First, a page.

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Photo by @dave.krugman
Today’s #SolarEclipse traced its path of totality — the geographic line along which the sun is entirely blocked from view by the moon — across the United States, from the woods of Oregon to the fields of South Carolina. Its rarity inspired millions to turn their eyes and lenses skyward, including New York-based photographer Dave Krugman (@dave.krugman), who made a trek to Nashville, Tennessee, to see this first total solar eclipse in the US in 38 years. “This was a flashpoint moment I didn’t want to miss,” says Dave. “Seeing the sky go dark and a ring of fire suddenly appear was an extraordinary experience. The light was eerie, otherworldly. It’s surely a moment I’ll never forget.” 🌞🌝
Watch our Instagram story featuring @billnye to see scenes and views of the solar eclipse across the US. 😎 #Repost @instagram with • • •


Exploring the countryside outside of Bogota with a pup named Milo #TheWeekOnInstagram
Photo by @villano1970 #Repost @instagram with • • •


Fiesta (@fiestathecat), a posh and playful Jack Russell terrier, peers out at the world from a pool of daisies. #TheWeekOnInstagram
Photo by @fiestathecat #Repost @instagram with • • •


From 250 miles (402 kilometers) above Earth, Thomas Pesquet’s (@thom_astro) photos raise our eyes to the stars. The French astronaut, who’s aboard the International Space Station (@iss) for six months, was selected to become an astronaut in 2009. “I began training right away,” says Thomas. “I had to learn Russian, work to stay in peak physical condition and take survival courses. There was also advanced training on how the International Space Station works and how to conduct the scientific experiments that we do aboard.” And, most importantly, he had to learn how to float.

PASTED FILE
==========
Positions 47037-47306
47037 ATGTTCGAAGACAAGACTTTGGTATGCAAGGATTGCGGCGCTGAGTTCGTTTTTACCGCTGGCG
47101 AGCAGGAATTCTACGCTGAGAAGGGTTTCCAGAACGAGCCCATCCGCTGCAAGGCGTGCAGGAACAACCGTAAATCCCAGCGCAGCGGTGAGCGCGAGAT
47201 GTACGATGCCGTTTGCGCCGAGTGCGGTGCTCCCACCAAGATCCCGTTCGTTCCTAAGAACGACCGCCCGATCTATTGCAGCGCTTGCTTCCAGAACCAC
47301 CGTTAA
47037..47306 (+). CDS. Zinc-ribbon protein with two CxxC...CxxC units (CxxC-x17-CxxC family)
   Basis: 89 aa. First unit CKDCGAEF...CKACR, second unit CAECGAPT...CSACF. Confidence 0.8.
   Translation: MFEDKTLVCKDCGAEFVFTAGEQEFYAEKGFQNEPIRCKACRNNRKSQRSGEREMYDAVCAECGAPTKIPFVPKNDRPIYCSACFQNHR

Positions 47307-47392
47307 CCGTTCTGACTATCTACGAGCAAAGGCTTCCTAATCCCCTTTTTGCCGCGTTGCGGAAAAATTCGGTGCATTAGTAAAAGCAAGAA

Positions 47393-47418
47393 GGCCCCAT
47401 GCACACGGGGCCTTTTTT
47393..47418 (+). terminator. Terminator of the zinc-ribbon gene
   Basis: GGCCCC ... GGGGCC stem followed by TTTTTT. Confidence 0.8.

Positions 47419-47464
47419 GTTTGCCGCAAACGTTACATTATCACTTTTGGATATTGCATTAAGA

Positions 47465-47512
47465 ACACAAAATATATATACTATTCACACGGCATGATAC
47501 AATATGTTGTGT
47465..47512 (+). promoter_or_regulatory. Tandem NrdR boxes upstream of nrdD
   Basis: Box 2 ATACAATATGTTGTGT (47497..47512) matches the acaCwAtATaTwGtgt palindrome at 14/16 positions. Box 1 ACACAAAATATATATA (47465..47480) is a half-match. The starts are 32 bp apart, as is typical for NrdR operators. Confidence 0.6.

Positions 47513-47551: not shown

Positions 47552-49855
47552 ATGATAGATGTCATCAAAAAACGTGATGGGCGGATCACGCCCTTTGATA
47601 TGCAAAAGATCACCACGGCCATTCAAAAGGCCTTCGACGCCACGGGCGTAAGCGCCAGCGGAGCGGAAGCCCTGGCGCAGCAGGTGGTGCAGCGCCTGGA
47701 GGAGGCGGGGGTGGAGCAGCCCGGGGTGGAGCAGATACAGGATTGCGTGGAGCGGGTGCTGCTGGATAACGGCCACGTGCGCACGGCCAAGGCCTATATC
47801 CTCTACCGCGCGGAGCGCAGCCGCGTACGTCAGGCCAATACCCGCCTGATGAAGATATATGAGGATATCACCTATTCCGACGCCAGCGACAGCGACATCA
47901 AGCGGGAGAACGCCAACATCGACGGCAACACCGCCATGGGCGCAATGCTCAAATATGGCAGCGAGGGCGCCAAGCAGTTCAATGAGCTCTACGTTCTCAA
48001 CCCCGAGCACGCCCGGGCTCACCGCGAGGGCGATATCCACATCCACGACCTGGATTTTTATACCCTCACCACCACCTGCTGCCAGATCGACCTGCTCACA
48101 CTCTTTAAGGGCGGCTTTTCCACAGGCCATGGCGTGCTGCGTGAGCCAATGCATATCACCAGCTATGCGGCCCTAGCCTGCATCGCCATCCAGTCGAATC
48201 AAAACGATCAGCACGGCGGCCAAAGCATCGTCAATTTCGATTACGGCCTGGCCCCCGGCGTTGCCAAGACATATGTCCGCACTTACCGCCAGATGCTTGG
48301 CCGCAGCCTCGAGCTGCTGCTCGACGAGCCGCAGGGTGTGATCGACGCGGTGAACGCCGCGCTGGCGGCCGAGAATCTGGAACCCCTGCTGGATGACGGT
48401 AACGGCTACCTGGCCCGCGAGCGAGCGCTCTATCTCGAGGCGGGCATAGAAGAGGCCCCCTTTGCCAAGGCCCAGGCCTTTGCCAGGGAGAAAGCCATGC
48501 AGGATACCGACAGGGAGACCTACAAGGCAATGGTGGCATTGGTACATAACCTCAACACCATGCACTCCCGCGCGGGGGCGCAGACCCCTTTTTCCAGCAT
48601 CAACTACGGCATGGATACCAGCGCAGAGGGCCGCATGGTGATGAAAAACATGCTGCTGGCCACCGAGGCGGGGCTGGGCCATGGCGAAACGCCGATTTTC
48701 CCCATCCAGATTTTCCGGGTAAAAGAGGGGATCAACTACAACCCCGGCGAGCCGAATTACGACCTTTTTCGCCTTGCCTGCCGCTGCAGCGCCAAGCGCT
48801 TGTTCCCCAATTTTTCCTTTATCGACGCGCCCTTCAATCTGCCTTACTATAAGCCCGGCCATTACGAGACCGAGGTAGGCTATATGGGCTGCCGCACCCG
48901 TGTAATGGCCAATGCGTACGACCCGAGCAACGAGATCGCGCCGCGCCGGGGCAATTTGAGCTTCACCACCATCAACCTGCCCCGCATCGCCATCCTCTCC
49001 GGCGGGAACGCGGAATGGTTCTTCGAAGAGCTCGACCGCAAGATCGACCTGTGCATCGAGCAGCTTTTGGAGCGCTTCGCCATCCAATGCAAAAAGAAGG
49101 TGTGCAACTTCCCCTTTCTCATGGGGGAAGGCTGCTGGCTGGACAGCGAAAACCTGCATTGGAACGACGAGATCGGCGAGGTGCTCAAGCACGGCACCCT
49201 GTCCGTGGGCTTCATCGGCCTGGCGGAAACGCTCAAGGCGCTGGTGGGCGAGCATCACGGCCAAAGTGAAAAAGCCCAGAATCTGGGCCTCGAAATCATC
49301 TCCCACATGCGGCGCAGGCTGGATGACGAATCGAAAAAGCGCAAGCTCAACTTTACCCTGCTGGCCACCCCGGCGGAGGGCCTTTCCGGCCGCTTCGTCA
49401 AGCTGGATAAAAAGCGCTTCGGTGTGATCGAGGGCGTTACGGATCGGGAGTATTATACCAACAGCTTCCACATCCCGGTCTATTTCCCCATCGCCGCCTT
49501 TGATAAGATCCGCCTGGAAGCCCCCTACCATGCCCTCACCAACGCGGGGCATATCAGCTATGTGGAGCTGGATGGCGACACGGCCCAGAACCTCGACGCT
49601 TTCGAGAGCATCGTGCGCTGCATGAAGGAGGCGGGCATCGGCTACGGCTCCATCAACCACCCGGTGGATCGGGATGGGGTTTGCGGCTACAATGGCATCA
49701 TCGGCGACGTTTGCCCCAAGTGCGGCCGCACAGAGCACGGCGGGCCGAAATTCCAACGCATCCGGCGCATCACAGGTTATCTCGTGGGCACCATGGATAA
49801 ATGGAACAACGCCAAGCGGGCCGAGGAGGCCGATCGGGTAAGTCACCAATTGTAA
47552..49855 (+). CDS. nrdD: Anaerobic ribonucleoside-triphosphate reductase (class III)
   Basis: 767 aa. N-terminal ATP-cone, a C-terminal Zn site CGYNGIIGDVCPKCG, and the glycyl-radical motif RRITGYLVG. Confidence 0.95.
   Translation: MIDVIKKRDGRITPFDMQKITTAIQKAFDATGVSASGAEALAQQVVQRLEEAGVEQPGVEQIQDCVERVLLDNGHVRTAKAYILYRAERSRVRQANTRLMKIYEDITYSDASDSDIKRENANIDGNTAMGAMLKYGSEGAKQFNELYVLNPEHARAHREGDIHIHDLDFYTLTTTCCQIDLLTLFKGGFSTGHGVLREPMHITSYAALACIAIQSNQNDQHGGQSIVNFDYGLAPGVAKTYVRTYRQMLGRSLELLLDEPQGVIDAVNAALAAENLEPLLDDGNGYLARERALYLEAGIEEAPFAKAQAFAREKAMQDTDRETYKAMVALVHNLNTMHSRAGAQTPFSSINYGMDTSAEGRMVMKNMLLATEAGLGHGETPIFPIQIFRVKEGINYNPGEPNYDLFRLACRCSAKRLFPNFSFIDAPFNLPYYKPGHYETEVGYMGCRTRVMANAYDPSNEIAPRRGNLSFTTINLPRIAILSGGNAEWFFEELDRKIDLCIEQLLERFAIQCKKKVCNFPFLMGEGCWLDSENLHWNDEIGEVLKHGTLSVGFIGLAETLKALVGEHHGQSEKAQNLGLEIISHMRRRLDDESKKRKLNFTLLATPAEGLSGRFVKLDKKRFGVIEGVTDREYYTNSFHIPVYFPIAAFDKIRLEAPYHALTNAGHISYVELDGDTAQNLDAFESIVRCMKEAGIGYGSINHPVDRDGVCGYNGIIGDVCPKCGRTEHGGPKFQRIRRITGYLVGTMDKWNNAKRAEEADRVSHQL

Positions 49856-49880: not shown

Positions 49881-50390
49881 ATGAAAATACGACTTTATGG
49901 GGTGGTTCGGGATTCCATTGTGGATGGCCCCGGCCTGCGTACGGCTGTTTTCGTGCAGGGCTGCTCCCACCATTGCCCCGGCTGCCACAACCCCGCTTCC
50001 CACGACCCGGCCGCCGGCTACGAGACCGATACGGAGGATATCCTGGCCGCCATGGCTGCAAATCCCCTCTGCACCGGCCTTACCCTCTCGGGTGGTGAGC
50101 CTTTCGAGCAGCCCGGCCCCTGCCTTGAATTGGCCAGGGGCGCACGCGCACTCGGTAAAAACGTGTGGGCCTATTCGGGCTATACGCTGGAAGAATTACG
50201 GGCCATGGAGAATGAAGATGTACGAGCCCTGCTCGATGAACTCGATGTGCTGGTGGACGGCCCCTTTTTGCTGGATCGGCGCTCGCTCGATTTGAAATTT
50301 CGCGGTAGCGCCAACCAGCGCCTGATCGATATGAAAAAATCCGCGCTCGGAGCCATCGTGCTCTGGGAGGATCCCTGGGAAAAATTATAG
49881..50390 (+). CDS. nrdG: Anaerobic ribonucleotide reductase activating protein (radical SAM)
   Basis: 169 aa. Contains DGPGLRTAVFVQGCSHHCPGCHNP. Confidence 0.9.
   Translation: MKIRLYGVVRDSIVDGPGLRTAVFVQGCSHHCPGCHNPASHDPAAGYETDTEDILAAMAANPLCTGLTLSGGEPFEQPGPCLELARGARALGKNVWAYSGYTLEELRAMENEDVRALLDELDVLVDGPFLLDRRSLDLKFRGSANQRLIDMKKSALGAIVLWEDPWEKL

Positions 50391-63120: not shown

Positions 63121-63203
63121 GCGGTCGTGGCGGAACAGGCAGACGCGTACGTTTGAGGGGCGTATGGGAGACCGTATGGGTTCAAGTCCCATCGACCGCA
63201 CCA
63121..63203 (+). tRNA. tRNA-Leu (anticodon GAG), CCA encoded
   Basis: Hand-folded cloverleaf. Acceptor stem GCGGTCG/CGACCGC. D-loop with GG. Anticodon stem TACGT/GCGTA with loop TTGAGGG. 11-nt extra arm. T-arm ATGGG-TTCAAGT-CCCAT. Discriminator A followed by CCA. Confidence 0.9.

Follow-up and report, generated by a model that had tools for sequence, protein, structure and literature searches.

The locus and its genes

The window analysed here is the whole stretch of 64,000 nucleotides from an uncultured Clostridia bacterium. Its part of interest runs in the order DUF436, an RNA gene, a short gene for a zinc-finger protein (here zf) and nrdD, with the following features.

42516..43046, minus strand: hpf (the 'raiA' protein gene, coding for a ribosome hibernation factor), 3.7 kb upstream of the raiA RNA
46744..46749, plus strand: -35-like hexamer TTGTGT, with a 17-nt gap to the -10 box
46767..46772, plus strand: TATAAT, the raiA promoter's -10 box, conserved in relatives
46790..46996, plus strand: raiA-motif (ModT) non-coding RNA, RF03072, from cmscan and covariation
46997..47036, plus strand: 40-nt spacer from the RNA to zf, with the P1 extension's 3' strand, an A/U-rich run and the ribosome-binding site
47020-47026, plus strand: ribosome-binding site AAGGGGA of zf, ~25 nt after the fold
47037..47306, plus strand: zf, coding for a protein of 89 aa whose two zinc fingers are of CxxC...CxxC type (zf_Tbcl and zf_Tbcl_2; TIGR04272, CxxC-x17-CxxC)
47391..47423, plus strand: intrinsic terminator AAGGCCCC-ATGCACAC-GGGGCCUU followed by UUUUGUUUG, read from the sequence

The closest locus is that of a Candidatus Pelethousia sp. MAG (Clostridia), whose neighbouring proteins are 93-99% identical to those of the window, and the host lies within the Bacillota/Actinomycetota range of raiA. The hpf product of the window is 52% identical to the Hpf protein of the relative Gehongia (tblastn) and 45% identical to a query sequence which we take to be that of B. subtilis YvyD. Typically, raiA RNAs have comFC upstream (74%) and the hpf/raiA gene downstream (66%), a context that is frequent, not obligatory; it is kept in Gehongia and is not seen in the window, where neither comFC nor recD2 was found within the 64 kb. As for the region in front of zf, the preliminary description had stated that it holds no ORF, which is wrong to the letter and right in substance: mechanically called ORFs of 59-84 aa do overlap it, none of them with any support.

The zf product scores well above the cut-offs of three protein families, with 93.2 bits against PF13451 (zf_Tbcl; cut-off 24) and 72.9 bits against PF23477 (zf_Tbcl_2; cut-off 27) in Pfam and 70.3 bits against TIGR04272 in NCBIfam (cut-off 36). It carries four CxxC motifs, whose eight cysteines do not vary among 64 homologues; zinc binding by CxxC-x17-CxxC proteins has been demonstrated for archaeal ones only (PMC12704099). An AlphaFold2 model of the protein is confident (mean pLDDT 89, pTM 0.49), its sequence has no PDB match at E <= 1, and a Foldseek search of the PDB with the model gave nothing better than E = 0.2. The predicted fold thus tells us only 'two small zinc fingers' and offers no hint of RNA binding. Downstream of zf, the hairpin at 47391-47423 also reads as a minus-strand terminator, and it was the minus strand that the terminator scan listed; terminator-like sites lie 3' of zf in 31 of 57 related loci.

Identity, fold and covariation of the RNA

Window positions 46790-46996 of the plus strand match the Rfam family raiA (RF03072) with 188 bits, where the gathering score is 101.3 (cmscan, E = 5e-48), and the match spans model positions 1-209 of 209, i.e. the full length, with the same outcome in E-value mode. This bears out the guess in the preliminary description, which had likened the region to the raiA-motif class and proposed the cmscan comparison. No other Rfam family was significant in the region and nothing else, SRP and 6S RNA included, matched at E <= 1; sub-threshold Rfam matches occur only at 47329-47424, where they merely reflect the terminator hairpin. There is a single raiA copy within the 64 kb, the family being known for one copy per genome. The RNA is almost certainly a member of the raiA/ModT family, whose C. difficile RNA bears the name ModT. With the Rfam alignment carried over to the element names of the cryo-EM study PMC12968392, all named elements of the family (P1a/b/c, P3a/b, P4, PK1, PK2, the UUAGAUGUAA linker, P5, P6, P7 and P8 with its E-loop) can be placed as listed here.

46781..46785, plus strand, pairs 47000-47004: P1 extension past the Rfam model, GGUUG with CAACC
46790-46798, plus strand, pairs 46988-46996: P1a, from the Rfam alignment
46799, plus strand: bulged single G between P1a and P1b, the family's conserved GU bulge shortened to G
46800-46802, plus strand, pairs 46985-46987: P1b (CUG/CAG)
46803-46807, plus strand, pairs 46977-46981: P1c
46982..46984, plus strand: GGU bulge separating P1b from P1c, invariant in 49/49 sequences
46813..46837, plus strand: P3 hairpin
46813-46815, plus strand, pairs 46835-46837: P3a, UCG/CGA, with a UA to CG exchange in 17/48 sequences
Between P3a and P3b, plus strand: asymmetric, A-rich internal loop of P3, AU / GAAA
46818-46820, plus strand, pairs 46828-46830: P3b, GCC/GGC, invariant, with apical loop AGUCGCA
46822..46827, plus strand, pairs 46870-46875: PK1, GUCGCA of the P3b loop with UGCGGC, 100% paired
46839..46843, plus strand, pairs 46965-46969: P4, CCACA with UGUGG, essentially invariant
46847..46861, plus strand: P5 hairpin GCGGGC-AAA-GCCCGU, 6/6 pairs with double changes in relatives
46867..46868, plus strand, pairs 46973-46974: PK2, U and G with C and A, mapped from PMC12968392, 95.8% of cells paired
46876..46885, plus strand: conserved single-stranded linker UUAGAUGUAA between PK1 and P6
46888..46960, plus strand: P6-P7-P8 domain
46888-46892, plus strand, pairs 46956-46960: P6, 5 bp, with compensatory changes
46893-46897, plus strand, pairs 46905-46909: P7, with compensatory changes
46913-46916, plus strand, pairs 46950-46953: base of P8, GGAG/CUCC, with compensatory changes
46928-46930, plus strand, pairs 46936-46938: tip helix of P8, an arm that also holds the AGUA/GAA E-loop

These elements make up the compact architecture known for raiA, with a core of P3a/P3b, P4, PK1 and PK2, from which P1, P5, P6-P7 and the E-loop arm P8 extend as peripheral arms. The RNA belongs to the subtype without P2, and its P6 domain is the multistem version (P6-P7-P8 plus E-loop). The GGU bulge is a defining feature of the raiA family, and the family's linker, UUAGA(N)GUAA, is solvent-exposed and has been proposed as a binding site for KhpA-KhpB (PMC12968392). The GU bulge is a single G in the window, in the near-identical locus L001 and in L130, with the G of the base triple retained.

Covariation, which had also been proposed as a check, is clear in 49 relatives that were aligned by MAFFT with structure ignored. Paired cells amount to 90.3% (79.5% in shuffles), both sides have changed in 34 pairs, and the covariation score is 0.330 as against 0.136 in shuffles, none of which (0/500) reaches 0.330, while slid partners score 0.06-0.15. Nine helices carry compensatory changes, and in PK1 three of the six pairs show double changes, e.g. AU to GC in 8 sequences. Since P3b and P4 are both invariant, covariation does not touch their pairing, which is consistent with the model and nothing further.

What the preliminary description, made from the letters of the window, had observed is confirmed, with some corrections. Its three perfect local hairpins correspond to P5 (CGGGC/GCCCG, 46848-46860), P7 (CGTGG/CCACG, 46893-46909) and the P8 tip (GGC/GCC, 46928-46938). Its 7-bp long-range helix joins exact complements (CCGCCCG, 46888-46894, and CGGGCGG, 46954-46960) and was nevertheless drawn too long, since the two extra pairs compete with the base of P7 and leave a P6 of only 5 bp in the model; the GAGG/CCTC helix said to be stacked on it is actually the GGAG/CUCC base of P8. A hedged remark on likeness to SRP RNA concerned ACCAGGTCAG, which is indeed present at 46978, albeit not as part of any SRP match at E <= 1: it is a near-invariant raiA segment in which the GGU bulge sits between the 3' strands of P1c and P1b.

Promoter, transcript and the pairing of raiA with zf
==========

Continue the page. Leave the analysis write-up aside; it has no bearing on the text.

“Floating in microgravity is an amazing feeling,” says Thomas. “You feel so free. At the beginning, I was really awkward — I was trying to do too much too fast. Like riding a bike, it takes time to learn how to do it. But over time, it began to feel more natural. At night, when everyone else is asleep and I have the station to myself, I like to just float for a bit. It totally relaxes me.” When Thomas finally got to the ISS after training, what surprised him most was the beauty of our planet as seen from space. “There are no words, no images that can convey the beauty of the Earth as you soar 250 miles above it,” he says.
Today, we’re celebrating #CosmonautsDay with Thomas. Watch our Instagram story right now to explore life aboard the International Space Station.
Photo by @thom_astro #Repost @instagram with • • •


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That exciting moment when dad gets home = our #BoomerangOfTheWeek 🐶🐾
Do you love taking Boomerangs? Add #BoomerangOfTheWeek to your caption — yours might show up here on @instagram.
#Boomerang by @thor_pepper #Repost @instagram with • • •#New Update 1.6.4 --> Repost with Caption!